Los Angeles has always played an important role in Michael Connelly’s novels; the Rodney King riots in particular. The Black Box begins in 1992, in the midst of the chaos. Bosch is assigned to an emergency rotation in South-Central, called out to various crime scenes and initiating the barest beginnings of an investigation into each crime of the danger involved operating in the vicinity. One crime in particular has always resonated with Harry, even twenty years later: a murder victim he christened ‘Snow White.’ Called to an alley off Crenshaw Boulevard, a squad of National Guard troops have found the body of a white woman, executed by a bullet to the head, who is eventually identified as Copenhagen journalist Anneke Jespersen.
Twenty years later, Bosch lands the case once again as part of his work with the LAPD’s Open-Unsolved Unit. But the higher-ups don’t want the case solved. The repercussions of doing so – solving a white woman’s murder – are unthinkable for the city’s politicians. Of course, when has Harry Bosch ever allowed bureaucracy to sway him?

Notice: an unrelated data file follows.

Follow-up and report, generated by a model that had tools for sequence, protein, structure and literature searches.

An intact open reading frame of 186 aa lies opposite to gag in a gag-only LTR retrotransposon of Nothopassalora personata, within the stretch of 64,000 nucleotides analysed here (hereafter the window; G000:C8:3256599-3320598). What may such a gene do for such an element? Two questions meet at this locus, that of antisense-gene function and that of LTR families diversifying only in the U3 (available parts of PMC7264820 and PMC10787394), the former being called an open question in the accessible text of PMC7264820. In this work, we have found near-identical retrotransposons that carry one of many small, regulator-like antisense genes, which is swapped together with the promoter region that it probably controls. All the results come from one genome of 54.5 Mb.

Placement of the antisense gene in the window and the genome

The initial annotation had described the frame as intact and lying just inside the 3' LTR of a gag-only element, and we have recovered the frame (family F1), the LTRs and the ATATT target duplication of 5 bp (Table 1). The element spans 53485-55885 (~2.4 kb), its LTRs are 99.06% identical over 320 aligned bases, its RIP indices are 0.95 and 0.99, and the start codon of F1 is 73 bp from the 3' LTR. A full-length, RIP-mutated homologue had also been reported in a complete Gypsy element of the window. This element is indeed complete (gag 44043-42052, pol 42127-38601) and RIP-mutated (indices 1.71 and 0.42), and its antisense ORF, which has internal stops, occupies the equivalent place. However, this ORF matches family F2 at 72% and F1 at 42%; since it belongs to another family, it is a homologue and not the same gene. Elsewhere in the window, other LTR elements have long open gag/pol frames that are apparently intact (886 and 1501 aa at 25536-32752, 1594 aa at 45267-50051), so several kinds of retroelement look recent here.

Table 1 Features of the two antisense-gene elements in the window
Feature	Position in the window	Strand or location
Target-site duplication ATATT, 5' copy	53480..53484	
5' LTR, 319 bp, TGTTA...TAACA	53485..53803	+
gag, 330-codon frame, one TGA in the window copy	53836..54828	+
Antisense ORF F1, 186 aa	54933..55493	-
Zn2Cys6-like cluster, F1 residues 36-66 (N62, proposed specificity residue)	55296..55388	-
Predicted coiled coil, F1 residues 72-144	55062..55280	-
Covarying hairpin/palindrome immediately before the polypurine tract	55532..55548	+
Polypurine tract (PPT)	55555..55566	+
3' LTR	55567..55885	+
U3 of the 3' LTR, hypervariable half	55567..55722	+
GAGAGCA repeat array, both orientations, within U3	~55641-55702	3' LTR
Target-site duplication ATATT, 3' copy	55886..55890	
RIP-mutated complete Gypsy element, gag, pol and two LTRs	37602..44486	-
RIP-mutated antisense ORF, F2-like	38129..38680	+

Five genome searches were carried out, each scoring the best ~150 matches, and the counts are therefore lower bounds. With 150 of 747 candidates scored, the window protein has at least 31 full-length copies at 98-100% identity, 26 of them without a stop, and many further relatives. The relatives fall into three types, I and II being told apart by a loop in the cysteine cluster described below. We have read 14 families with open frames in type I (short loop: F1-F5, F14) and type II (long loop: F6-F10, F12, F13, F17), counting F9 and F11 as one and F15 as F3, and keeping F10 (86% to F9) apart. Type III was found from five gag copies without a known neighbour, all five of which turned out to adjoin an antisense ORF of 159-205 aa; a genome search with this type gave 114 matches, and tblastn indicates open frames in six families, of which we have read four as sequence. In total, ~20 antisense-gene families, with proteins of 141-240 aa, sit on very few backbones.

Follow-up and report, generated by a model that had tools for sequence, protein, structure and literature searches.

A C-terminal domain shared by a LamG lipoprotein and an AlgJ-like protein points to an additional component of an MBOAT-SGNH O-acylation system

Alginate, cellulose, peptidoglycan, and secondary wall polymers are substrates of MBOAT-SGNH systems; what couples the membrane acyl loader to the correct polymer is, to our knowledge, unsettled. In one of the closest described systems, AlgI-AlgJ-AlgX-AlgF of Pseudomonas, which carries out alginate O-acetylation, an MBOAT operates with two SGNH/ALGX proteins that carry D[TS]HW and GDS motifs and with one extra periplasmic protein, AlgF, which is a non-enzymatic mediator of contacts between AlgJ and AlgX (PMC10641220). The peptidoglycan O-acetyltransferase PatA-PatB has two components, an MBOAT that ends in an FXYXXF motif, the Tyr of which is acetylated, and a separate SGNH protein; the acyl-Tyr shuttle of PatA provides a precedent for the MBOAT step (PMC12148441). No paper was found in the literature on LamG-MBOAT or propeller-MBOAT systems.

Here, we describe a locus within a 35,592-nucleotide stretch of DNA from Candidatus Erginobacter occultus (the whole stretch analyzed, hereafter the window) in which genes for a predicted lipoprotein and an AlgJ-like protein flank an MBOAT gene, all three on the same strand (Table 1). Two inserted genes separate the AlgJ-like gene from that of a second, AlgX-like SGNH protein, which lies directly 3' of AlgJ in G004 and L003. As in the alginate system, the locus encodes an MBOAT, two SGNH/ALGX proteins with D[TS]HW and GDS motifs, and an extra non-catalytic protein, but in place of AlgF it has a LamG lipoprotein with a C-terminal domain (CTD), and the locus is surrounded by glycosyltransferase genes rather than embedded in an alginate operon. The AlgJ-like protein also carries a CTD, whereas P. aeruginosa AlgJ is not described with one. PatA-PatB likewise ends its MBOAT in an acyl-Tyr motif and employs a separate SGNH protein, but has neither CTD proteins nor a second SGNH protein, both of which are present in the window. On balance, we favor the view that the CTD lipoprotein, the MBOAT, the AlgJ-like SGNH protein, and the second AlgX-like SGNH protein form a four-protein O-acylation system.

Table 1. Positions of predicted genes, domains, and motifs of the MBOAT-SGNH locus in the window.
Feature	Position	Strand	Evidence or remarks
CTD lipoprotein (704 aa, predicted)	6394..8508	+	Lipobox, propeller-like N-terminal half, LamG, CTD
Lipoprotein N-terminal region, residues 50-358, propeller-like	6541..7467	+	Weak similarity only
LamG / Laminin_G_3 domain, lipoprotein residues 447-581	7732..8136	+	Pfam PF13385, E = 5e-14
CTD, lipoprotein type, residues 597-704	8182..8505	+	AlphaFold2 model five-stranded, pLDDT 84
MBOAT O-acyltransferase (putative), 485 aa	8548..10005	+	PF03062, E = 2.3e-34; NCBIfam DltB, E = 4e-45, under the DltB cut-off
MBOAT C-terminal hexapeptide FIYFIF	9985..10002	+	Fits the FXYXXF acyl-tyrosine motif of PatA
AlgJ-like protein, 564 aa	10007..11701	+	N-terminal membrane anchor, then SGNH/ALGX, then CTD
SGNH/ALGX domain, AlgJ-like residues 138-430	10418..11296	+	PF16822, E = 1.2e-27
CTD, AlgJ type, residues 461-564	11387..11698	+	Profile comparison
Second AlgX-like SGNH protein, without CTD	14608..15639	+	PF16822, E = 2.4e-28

The Black Box begins strongly; taut and tightly-plotted, with Connelly deftly elaborating on Bosch’s investigatory moves, and dipping into his personal life; namely his relationship with Hannah Stone, and his daughter’s continued determination to follow her father’s footsteps into law enforcement. In fact, until the novel’s climax, The Black Box is right up there with Connelly’s best. But its conclusion is overblown and exaggerated, relying on unnecessary theatrics that come across a tad cheap; the success of the Bosch novels was always the mystery, not over-the-top action. Still, this one’s enjoyable; it’s just not Connelly’s finest.
Imprint: Allen & Unwin
Publisher: Allen & Unwin
Publish Date: 1-Aug-2013
Country of Publication: Australia